Monday, November 16, 2009

Irony, Thy Name Is Webinar!

Last Thursday evening, while wearing my WebWorks hat, I was happy to deliver a presentation to the fine folks from the North East Ohio chapter of the STC. The title of my presentation was “Why Publishing Is No Longer The Last Step.”

If you scroll through the slides in the embedded copy of the presentation below, you can see that the main theme I was talking about was feedback and how we should both encourage and embrace user participation in the publication process. In fact one of the points I was making was that feedback, user participation and collaborative authoring, while they may all be current buzz words, aren’t anything new. They have been a part of the publishing process for as long as we have been telling stories. It’s just that the technology has changed. In fact it could be argued that modern technology is an enabler that allows us to capture and process feedback even quicker.


When I got home my wife asked how the webinar had gone, and I had to admit that I wasn’t 100% sure. The reason for my lack of certainty? Missing feedback.

Yes a few people had asked questions, and I had received a nice round of applause at the end of my presentation, but delivering the presentation over a combination of WebEx and phone meant I had no visual feedback. I didn’t now if silence meant that people were enthralled, bored, or had all snuck off to the pub!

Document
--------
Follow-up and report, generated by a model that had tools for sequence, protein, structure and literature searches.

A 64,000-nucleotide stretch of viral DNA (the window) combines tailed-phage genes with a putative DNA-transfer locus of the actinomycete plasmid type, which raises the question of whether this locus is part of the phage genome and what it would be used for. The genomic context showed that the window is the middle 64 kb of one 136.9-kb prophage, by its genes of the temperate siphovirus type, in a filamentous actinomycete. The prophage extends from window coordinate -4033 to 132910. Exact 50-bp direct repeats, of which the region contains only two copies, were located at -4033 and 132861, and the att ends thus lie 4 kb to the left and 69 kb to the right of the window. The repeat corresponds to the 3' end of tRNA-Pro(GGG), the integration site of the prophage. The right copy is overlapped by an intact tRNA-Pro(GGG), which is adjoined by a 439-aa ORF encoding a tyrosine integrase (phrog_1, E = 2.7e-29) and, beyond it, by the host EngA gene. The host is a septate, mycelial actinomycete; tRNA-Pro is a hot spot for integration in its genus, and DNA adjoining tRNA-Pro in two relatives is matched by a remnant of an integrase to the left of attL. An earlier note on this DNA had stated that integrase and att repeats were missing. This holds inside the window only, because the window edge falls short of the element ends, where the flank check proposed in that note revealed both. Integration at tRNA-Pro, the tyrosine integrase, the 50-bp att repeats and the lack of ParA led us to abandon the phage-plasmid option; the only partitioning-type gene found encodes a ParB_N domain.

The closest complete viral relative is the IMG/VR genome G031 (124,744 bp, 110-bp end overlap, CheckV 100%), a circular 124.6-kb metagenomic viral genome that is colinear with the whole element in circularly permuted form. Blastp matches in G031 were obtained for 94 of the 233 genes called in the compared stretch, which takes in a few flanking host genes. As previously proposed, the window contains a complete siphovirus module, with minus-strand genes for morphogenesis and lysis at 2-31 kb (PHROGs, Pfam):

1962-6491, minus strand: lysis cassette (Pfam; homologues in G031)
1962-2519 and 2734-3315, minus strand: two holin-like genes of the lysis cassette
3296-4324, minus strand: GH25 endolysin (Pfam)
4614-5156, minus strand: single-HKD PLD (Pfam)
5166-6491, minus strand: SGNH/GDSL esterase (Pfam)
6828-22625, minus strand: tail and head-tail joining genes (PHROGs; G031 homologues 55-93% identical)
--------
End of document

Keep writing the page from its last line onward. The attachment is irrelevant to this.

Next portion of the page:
Anyone who has seen me present will know I like to walk around. I talk with my hands a lot, gesticulate, point. I also like to try and engage the audience, ask questions, crack stupid jokes and make the occasional pun. But perhaps the biggest part of presenting for me, and the main reason I enjoy doing it, is being able to interact and engage with individuals in the audience.

Visual communication and body language provide essential feedback, and in this instance using enabling technology robbed the experience of one of its most vital layers of communication.

Virtual meeting tools and conference calls can be great cost savers and allow events to happen that otherwise might not occur – but even in today’s social network obsessed, web driven world, nothing beats being face to face with a real live person.

Technology should enable conversation, not get in its way.

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